A report a few years ago said that of every 100$ dished out by DC for infrastructure $48 was spent on Lawyers, 30$ spent in the state governments leaving a miserly $32 to be spent on the ground.
That Apple tax take won't go very far if that new metro tunnel in NYC is anything to go by as it costs $3.1B/mile.
The sums are mindboggling. Carillion was a minnow at this game when compared to the Yanks.
Why would you bring it back and get taxed 15.5 percent?
Because it is running out of options to be taxed less. There is only a handful of non-tax heaven countries with rates under 15. In the Eu it is just Bulgaria and Hungary.
Combined PR + political move too. Tim Cook is a very political animal. He has just bought the service of Uncle Sam's diplomatic attack dogs without actually paying more than he should have paid to start off with in Ireland. While before, US authorities were helping other countries trace what Apple is doing (Eu investigation started as a result of reading the notes from questioning Tim by Congress). Now, not so much.
"There is only a handful of non-tax heaven countries with rates under 15. In the Eu it is just Bulgaria and Hungary."
Just wait until the UK is out of the EU. If the local business tax take sinks low enough becoming a tax haven will be a viable proposition.
"Just wait until the UK is out of the EU. If the local business tax take sinks low enough becoming a tax haven will be a viable proposition"
Whilst I do think UK can do quite well for itself outside of EU control, I don't think we want to be starting a trade war.
"So unless Apple guy want more USA designers, USA Apple campuses, USA Apple servers, or USA Apple buildings, there are little reasons they would bring all the profit back."
Surely all these things you list are expenses which would be set against tax. Paying out money in this way reduces profits on which the tax is due. The reason to bring back profits is to pay dividends. In the past Apple has borrowed money to pay dividends. Now they can repay those loans. They'll have time-shifted the tax liabilities on the profits distributed as dividends from the past, when the tax would have been higher, to the present.
It's a US company with (mostly) US shareholders. They make things people like to buy and sell them all over the world at a profit. They pay local sales and other taxes (VAT, business rates on their shops, salaries, tax and NI on local employees, and so on), but the profit goes back to their owners and is taxed where the company is registered. What's the story here?
The only anomaly is that for years US corporation tax rates were widely regarded as uncompetitively high (nearly twice the rate in the UK, for example) and they've been talking about reforming the system for decades. Apple, in common with most other US corporations with signficant overseas earnings, temporarily kept their overseas revenues in a holding bin waiting for the date of the much promised reform so they could finally repatriate the earnings where they belong. That day has now come.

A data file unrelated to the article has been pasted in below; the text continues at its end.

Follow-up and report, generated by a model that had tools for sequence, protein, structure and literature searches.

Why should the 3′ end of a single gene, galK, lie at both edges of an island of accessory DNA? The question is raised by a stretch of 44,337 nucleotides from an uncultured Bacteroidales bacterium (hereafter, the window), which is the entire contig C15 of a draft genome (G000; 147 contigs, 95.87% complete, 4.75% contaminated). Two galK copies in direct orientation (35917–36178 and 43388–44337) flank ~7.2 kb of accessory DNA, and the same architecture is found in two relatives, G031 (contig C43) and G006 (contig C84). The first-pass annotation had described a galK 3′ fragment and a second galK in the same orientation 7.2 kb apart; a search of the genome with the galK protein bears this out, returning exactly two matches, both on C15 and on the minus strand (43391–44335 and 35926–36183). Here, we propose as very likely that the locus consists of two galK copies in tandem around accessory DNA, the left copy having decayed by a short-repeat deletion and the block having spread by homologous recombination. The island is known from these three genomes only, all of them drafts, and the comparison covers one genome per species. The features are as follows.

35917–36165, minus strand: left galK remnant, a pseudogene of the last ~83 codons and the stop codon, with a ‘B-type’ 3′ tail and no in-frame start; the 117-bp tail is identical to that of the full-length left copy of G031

"The recipients and their families when they use the income to buy stuff."
They use their net income to buy stuff - net after the tax has been deducted by the employer (in this case Apple) and passed on to the tax office. That was the point I was making - tax on income is a tax paid by the employee, not the employer.
The person I was replying to seemed to suggest it was a tax paid by Apple. It isn't - they're just collecting it from the employee and handing it over.
Wait, what? Who pays VAT? Who pays tax on wages and salaries?
Are you being deliberately obtuse? There is a 20% tax on turnover on EVERYTHING Apple sells in the UK. It's called VAT. And they have Apple Stores and other back off office staff, so they employ lots of staff in the UK, all subject to national insurance and so on. So Apple's UK operations pay UK tax. And the profit goes back to where the parent company is registered subject to US corporation tax.
"There is a 20% tax on turnover on EVERYTHING Apple sells in the UK. It's called VAT."
VAT is not a "20% tax on turnover".
It is a tax added to the price of the goods or services and is ultimately paid by the consumer. The company is merely collecting it from the end customer, and hands it over minus any VAT they themselves have paid on allowable goods or services they have purchased along the way.
"so they employ lots of staff in the UK, all subject to national insurance and so on."
They pay employers' national insurance contributions, yes - but that isn't a tax on the company, as such. However: "and so on"? You originally claimed they paid "tax and NI on local employees." The tax is deducted FROM the employees wages and salaries (along with the employees' own NI contributions). Apple isn't paying anything here (other than the ers' contribution as I said) - just like with the VAT, they are merely collecting it, this time from the employees, and then handing it over to the tax man.